constituted the Texas Navy during the Revo-
lution. It harassed Mexican commerce and
made partly ineffective the Mexicans' attempt
to blockade Texas ports and prevent the
bringing in of supplies from the United States.
The Independence was captured and two
other ships were wrecked shortly after the
close of the Revolution.
Because of the threat of blockade of Texas
ports by Mexico's navy, after the founding
of the Texas Republic, the government of the
republic purchased five or six vessels from
the United States and sent them out to harass
the Mexican coast and prey on its commerce.
Under the command of Commodore Edwin W.
Moore, a former officer in the United States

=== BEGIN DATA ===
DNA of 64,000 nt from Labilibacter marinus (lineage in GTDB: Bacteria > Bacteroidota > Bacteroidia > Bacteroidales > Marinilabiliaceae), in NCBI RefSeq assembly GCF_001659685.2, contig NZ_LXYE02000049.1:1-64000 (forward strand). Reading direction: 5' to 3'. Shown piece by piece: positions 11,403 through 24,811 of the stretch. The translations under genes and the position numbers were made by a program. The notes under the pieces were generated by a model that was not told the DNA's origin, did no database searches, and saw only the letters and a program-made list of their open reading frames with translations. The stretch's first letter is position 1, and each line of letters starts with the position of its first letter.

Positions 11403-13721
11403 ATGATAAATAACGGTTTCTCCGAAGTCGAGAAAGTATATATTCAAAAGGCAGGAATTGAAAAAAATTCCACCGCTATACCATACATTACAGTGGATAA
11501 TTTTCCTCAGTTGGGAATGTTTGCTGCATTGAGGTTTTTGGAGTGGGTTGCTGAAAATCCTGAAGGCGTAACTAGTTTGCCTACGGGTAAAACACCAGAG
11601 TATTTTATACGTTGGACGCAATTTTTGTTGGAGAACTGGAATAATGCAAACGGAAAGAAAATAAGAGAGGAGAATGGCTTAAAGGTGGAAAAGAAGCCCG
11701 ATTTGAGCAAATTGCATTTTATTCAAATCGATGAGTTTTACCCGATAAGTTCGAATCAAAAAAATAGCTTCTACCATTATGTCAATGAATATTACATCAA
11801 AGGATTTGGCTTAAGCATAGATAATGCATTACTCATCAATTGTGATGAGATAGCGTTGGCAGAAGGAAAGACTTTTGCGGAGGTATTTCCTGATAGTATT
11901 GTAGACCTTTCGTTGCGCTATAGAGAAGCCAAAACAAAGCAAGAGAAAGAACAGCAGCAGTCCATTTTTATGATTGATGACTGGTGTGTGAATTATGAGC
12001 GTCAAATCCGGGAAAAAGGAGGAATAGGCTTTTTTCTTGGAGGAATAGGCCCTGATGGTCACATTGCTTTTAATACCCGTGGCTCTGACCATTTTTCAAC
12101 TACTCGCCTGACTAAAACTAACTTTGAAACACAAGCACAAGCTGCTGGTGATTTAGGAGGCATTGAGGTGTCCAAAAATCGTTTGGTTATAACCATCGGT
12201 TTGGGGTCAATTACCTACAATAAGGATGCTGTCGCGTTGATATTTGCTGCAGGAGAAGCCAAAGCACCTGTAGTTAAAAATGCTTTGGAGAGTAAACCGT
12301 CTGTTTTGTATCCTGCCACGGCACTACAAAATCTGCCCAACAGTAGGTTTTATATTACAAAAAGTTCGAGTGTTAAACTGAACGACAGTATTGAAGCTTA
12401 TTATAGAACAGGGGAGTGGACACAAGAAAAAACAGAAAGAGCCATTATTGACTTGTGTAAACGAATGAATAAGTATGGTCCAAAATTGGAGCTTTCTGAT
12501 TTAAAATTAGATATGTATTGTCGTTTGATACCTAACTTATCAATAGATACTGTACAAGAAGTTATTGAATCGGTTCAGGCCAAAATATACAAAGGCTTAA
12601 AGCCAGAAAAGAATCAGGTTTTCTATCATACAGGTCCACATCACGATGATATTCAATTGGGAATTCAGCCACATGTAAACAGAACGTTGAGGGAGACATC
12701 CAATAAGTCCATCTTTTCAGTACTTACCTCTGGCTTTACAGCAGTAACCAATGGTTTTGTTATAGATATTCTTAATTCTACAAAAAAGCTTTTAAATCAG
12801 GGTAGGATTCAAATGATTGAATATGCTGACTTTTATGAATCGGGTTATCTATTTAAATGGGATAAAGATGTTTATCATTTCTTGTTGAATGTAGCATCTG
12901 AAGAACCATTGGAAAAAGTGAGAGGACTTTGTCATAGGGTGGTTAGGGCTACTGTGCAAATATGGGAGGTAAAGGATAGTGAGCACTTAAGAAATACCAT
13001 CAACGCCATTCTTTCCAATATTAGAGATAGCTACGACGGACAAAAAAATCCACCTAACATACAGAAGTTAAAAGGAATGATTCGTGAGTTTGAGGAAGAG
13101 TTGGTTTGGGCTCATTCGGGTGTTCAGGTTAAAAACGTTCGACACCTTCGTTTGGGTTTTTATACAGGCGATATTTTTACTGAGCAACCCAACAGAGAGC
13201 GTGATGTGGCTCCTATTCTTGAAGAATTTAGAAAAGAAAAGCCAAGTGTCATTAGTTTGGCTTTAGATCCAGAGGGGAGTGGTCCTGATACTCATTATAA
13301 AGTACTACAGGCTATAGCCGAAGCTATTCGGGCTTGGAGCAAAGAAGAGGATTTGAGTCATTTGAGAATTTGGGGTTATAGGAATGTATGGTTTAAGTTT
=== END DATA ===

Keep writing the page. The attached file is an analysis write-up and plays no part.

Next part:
Navy, the navy attacked and captured several
coastal towns in Tabasco and Yucatan. The
navy operated until the middle of 1843 when
it returned to Galveston from its last expedi-
tion. It had been effective in keeping open
Texas ports, operating part of the time under
orders and part of the time so flagrantly in
disobedience of orders that at one time Presi-
dent Houston threatened officially to disown
the little fleet. While Commodore Moore some-
times used his own judgment instead of that
of his 'superiors, he usually vindicated himself
by his daring and genius as a naval com-
mander, and the net result of the operations
of the Texas Navy, both during and following
the Revolution were of great benefit to the
new republic. At the time of the annexation
of Texas three or four of the vessels were in
sufficiently good condition to be incorporated